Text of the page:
Choosing a Digital Camera: Zoom Types
Digital cameras, even the compact budget variety, probably have a zoom feature. You may understand that â€śx4â€ť zoom mean that the zoom will move in towards the point you have aimed at, four times as close. But do you know the difference between â€śoptical zoomâ€ť and â€śdigital zoomâ€ť? Some of the better manufacturers explain what this is in their sales pitch for their particular cameras, others are silent. It can be a crucial thing in deciding what camera to buy, so be armed with this information before you go shopping!
Like with video cameras, digital cameras measure zoom by magnification factor. As Iâ€™ve already said a camera with 4x or 4 times zoom magnifies the image by a factor of four. This does not mean that your subject will appear 4x larger than it does to the naked eye but that it will appear four times larger than it does in the natural, original â€śunzoomedâ€ť lens position. In fact most compact digital cameraswill have a starting lens position that makes the subject appear further away that it does to the naked eye. This allows you to fit more into your shot. Itâ€™s a sort of mini-wide angle starter.
Optical zoom magnifies the image using the cameras optics. Thatâ€™s the lenses. This means that light is passing through curved glass which in turn makes your subject look bigger in your photo. The actual quality of the magnified image depends on the quality of the lenses and coatings on those lenses. Optical zoom is the traditional kind of zoom and can produce extremely sharp images. Itâ€™s been around since well before digital cameras.
Digital zoom appeared much more recently than optical zoom. Firstly on video cameras. I had one on my very first primitive camcorder and found that the zoom was disappointing though because the quality of it was so low and grainy. That is because digital zoom produces magnification by cropping the image and up-sampling the cropped portion. The result is a loss in quality. This is because cropping reduces the number of pixels used which you can see as a blocky or blurry looking image. The more you zoom in, the fewer pixels are used to make the image, reducing quality. So digital zoom is rubbish right? Well, no, not now.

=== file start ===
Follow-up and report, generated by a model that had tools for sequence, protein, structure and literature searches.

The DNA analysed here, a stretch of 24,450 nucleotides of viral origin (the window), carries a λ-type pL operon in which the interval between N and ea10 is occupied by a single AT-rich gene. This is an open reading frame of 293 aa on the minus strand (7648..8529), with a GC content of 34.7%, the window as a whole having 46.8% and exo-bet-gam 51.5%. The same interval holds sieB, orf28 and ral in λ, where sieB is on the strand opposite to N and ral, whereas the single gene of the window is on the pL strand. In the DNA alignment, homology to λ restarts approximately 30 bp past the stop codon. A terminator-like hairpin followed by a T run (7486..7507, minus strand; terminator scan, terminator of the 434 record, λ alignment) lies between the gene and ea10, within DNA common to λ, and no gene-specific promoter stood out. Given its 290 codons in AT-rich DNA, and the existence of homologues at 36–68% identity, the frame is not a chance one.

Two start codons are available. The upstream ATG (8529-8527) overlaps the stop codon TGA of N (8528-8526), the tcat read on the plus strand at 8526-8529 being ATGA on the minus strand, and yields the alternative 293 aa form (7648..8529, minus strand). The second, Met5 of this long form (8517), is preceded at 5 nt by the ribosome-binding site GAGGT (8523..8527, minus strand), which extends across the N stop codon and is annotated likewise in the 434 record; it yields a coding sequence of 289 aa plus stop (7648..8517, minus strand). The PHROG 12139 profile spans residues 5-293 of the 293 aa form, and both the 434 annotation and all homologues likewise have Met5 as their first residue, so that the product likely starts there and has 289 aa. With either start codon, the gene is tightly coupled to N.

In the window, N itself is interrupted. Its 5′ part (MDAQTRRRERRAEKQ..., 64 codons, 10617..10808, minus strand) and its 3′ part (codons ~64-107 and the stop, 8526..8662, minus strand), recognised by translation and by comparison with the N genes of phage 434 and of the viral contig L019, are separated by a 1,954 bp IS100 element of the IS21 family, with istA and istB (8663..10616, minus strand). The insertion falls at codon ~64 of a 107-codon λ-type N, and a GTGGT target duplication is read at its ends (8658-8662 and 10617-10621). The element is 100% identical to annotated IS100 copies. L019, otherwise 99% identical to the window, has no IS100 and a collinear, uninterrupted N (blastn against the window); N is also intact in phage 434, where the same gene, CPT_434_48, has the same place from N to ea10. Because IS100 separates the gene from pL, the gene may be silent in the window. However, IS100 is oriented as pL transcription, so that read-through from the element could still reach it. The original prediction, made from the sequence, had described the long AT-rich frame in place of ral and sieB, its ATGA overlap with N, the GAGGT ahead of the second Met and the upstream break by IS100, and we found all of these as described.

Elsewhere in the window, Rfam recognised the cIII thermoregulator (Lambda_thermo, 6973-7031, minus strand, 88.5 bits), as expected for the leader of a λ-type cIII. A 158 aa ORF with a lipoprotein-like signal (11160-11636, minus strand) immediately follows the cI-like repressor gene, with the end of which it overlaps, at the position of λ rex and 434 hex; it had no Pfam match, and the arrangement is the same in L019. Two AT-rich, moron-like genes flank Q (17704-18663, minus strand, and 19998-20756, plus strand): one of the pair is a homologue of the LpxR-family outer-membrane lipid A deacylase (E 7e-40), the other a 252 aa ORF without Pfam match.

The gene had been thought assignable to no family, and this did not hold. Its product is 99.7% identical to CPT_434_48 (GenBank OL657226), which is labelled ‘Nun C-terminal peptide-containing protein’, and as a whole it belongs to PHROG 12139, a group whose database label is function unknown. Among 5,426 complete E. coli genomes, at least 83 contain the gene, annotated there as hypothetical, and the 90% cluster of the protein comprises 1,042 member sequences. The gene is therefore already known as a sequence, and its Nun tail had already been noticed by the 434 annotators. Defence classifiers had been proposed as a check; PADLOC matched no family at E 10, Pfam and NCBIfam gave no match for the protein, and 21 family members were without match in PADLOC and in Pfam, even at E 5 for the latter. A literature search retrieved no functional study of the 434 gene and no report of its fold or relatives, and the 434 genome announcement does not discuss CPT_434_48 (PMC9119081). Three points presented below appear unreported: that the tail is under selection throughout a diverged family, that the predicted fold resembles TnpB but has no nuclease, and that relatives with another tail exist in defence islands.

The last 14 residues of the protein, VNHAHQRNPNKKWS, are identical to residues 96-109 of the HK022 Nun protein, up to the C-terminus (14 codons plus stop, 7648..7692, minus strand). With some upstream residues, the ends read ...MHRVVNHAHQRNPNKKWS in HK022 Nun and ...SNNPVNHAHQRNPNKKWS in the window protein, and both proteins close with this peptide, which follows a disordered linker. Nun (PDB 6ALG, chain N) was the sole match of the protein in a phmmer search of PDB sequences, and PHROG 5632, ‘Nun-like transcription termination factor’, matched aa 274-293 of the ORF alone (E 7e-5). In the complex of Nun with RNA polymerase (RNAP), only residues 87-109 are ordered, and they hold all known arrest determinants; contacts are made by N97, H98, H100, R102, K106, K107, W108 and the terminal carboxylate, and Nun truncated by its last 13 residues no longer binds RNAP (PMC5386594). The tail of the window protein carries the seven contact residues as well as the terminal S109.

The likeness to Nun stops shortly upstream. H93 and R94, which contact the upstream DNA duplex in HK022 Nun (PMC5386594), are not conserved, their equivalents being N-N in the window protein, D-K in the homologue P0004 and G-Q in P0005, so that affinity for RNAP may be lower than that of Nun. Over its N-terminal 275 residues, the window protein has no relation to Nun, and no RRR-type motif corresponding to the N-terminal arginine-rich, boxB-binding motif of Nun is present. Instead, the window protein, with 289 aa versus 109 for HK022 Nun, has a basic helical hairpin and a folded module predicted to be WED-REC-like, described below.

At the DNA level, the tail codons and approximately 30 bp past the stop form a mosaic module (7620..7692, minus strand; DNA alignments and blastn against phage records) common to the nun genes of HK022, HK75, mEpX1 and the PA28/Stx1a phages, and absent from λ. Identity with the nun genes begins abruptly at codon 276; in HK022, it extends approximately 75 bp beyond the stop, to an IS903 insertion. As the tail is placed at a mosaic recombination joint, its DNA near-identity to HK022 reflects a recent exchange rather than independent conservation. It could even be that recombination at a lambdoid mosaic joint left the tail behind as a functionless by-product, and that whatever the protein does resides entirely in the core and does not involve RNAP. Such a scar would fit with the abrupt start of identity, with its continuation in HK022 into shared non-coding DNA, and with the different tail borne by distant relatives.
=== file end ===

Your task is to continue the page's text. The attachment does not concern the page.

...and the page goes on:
With the advent of digital photo cameras, digital zoom has become somewhat more useful. Hereâ€™s an example. Youâ€™ve taken a picture of the Taj Mahal from a distance, but want to check that you havenâ€™t got a car park just away to the side, or a plane flying by in the distance in the top left corner. You can use the digital zoom to zoom up on it on the cameras screen. This will bring into clear sight portions of the photo. Using the digital zoom permits you to look closer at the photo and reshoot if necessary. Note that using the digital zoom to zoom up on a photo after you took it does not reframe or permanently zoom up on that photo. It is just a tool to let you see it more closely. So- yes, look, there was a plane at the top left of the Taj Mahal. Take that photo again!
Now that you know the basic difference between digital and optical zoom, the question is how much zoom do you need? If price werenâ€™t a factor, some may assume that the more zoom you have, the better. Not necessarily. A big zoom may mean that for the reasonable price, they will have cut corners elsewhere. Most people take pictures of their friends and families. When taking photos of this kind of subject, rarely will you be zooming up from far off. In fact youâ€™d probably do better with a camera that has a wide-angle lens, to get more of them in the shot, especially when shooting indoors. How many times has that cry gone out when trying to take a picture of everyone sitting down at the dinner table.. â€śMove in closer- I canâ€™t get you all in!â€ť
Where a powerful zoom does come in handy is when shooting vacation photos or photos of recitals or other events where you canâ€™t physically move closer. Most digital cameras on the market today have a 3x optical zoom. This amount of zoom fits with the needs and budget of most digital camera buyers. It is now possible to get cameras with optical zoom as powerful as 15x or more. While these can be very appealing, be aware that you are sacrificing some sharpness in order to get the versatility of a lens with such a large zoom range.
Another potential downside to buying a camera with a powerful zoom is that these cameras tend to be much larger and heavier. So if having a slim pocket digital camera is important to you, youâ€™ll probably have to forget about getting a powerful optical zoom. Most small cameras max out at 4 or 3x zoom.
As for how much digital zoom you need? Well mostdigital cameras being produced today have more than adequate digital zoom. No issue.
Just remember that the optical zoom is truly the important specification to look for. Now zoom off and start looking for your perfect camera!
For more information on digital cameras visit:http://all-cameras.com/